Mar 10 2014

The Last Sin

For as in those days before the flood they were eating and drinking, marrying and giving in marriage, until the day when Noah entered the ark, and they were unaware until the flood came and swept them all away, so will be the coming of the Son of Man. (Matthew 24:38-39)

Most disputes concerning the meaning of the Scriptures are not due to a lack of trying when it comes to hermeneutics. They result from a lack of due process. By this, I do not mean the process of interpretation but the identification in the Scriptures of the processes of God.

An example would be the meaning of Christ’s words concerning the unpardonable sin, which have terrified many Christians unnecessarily. Blasphemy against the Spirit is unpardonable not because it is the worst sin. It is unpardonable because it is the last sin.

This post has been slain and resurrected for inclusion in my 2015 book of essays, Inquietude.

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Aug 24 2013

Galatians – 6

“Show Us the Father And We Will Be Satisfied” (John 14:8)

This is the third cycle within the “Numbers” or Ethics section of Galatians. Paul is contrasting the external Ethics of the Law (requiring the perfect obedience of Man) with the internal Ethics of the Spirit (resulting from trust in the perfect obedience of Christ). But there is something deeper here which, it seems to me, is often overlooked.

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Aug 2 2013

Galatians – 3

Paul’s Leviticus

“This is where he picks up the fivefold Covenant structure and turns ‘the right hand of fellowship’ into a set of holy knuckledusters.”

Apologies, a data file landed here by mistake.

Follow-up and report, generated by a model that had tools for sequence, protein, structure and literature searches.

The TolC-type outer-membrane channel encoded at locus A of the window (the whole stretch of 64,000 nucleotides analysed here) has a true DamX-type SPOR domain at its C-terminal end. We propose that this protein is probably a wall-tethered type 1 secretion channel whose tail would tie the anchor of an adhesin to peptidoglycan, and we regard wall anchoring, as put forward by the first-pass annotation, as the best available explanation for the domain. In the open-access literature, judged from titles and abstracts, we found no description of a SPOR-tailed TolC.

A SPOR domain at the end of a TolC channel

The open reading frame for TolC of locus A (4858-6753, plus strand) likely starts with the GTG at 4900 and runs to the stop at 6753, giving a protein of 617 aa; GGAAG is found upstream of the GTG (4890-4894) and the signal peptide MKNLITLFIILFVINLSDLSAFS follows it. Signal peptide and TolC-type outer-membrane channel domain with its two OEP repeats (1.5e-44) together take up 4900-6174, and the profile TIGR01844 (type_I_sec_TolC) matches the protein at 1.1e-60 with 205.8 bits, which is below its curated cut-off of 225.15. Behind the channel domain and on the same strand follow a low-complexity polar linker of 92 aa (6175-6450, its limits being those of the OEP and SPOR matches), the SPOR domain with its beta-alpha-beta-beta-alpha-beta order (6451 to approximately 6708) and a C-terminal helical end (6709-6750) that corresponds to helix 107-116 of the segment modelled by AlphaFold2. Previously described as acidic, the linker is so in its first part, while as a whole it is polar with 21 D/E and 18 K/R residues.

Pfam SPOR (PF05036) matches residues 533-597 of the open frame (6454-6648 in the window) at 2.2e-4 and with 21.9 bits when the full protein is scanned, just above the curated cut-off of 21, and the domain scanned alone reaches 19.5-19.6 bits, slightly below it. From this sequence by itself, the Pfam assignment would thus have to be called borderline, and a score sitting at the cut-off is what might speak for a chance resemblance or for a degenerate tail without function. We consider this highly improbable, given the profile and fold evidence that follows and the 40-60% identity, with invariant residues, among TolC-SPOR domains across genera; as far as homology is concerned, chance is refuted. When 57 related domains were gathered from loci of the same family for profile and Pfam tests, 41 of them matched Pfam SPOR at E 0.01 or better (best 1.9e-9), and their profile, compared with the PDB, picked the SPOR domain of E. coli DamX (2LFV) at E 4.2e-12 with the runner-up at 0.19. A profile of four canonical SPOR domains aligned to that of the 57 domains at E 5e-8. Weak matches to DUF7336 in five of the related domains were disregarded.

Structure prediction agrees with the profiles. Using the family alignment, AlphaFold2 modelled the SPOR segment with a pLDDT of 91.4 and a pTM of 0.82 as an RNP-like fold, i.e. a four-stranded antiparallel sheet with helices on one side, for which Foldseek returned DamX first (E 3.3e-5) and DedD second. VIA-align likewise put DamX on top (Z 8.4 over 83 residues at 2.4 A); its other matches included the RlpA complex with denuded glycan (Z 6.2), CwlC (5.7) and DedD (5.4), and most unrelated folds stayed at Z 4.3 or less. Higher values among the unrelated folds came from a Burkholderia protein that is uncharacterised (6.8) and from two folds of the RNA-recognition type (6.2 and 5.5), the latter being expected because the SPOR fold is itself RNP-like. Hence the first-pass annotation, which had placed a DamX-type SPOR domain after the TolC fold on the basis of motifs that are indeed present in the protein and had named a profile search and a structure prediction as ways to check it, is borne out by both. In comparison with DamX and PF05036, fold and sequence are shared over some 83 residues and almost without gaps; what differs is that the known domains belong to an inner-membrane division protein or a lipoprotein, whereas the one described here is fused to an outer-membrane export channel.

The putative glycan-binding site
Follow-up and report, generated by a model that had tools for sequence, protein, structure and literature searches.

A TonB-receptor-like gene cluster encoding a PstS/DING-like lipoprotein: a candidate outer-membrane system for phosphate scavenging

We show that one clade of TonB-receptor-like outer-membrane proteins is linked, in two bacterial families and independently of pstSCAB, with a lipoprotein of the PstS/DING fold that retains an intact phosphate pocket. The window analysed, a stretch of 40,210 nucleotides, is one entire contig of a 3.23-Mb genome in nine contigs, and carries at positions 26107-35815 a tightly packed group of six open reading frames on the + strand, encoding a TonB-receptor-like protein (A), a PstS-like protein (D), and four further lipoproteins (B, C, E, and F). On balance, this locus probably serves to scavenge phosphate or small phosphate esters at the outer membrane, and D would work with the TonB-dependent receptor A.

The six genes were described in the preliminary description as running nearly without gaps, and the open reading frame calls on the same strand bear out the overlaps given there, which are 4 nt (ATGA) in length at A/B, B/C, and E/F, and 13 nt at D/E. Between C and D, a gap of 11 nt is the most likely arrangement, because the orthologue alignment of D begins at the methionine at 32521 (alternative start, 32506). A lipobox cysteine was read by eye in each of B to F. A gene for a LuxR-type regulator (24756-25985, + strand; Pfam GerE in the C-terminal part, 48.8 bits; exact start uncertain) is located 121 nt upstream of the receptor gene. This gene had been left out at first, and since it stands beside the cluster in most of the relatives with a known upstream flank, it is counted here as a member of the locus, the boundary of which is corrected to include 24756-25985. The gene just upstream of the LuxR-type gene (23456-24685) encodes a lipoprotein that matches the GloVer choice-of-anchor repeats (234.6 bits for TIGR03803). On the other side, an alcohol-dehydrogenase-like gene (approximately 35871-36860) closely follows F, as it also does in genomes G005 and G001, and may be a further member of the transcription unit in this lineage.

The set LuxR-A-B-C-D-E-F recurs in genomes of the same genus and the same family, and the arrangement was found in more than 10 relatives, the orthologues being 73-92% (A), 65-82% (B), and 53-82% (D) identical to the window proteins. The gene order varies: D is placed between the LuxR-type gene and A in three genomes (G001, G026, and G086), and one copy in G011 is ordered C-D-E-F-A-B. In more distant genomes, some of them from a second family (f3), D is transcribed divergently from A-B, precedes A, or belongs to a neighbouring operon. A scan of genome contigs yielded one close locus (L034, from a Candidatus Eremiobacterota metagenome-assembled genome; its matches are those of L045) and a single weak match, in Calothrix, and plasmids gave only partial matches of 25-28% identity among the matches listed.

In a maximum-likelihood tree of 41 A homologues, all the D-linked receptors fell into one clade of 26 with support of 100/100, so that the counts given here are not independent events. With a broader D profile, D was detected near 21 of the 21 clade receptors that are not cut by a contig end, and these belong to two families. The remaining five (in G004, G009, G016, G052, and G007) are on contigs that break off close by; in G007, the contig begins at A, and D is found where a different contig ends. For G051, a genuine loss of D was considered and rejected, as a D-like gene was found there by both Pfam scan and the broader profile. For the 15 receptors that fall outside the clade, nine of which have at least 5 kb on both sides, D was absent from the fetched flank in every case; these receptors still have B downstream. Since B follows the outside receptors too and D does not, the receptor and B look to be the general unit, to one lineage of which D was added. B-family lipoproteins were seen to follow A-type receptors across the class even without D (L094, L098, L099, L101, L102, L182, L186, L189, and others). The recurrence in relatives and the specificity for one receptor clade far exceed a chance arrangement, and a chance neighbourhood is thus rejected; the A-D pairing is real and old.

This post has been refined by fire and included in a new book, The Shape of Galatians.
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Jul 26 2013

The Point of the Revelation

Is the book of Revelation a “Covenant lawsuit”? It certainly follows the fivefold legal Covenant pattern. However, its prophetic warnings are not addressed to the Jewish leaders. It was too late for them. The book does describe the destruction of Jerusalem through “the testimony of two witnesses,” but Gary DeMar suggests it was more like a libretto for the Christian spectators. He writes:

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Jan 24 2013

The Messianic Priest-King – 2

Final excerpt from the early pages of A. T. Ross’ Hebrews commentary. Part 1 here.

Temple and Typology

The evidence that Hebrews was written before the fall of Jerusalem in A. D. 70 is strengthened by a few other observations. Timothy is said to be alive (13:23), and while it cannot be certainly determined that this is the same Timothy that traveled with Paul, there exists no good reason not to think it is the same Timothy to whom Paul wrote two epistles.

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Jan 23 2013

The Messianic Priest-King – 1